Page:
It is known in the art to react conjugated linoleic acid with certain dienophiles or activated mono-olefins to produce various polyfunctional Diels-Alder adducts. It is also known that the reactivity of the conjugated linoleic acid is determined by its geometrical isomerism about the double-bond system; and that the preferred reactive isomer has a trans-trans configuration. As demonstrated by the article, "Polymerization, Copolymerization, and Isomerization", J. C. Cowan, The Journal of the American Oil Chemicals Society. Vol. Nov. 31, 1954, pp. 529-535, it has long been taught that the use of catalysts (such as iodine, sodium or potassium bisulfates, sulfur, selenium, noble metals, and the like) to isomerize the cis-trans isomers into the trans-trans state is necessary to induce these cis-trans isomers of conjugated linoleic acid to react in a Diels-Alder reaction.
The method preferred by industry for the production of dicarboxyic acid is taught in commonly assigned U.S. Pat. No. 3,753,968, which is hereby incorporated by reference. There, a fatty acid mixture containing both conjugated and non-conjugated linoleic acid is simultaneously reacted with acrylic acid in the presence of an iodine catalyst to produce a fatty acid mixture containing dicarboxylic acid. This mixture is subsequently distilled to recover a linoleic free fatty acid fraction and a dicarboxylic acid fraction.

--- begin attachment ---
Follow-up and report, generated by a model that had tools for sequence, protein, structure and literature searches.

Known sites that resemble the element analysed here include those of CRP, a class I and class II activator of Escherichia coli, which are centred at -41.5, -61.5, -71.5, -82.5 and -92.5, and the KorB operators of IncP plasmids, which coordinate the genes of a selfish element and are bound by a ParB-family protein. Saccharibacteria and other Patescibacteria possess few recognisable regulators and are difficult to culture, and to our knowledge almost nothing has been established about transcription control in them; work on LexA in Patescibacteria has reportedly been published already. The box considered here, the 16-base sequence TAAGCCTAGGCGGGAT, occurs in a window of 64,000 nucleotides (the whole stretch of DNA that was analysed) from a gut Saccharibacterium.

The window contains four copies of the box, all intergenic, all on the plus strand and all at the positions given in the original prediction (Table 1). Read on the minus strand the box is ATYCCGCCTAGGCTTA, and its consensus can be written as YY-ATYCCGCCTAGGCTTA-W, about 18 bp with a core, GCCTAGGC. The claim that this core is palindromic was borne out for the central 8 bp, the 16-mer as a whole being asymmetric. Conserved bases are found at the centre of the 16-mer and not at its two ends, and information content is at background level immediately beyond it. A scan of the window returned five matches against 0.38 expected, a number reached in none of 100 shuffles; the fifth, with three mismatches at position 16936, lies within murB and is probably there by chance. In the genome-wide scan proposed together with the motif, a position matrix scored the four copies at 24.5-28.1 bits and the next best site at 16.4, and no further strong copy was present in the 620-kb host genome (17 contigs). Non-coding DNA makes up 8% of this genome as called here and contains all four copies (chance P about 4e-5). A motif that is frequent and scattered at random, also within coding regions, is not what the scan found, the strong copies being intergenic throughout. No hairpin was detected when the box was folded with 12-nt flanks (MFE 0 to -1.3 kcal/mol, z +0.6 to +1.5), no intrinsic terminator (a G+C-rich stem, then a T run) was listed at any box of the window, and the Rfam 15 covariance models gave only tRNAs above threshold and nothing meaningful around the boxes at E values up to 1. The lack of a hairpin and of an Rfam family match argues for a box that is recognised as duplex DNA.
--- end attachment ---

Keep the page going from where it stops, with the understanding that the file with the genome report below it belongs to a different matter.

At the time this process was patented, it was believed that the amount of dicarboxylic acid formed was approximately the same as the starting content of linoleic acid in the fatty acid mixture. In other words, that the dicarboxylic acid material left after distillation was about 92% pure dicarboxylic acid. However, subsequent improvements in analytical instrumentation and techniques came to show that about 10% of what had been believed to be dicarboxylic acid was, in actuality, a C-21 lactone. This lactone was formed by the cyclization of the secondary carboxylic acid with the double bond of the cyclohexene ring. The lactonization reaction can result from the interaction of iodine with the double bond at the temperatures employed in the dicarboxylic acid synthesis.
It is difficult to remove the C-21 lactone from the dicarboxylic acid due to their structural similarity. Repeated wiped-film distillations will remove the lactone, but the procedure is costly and the final yield of purified dicarboxylic acid is extremely low.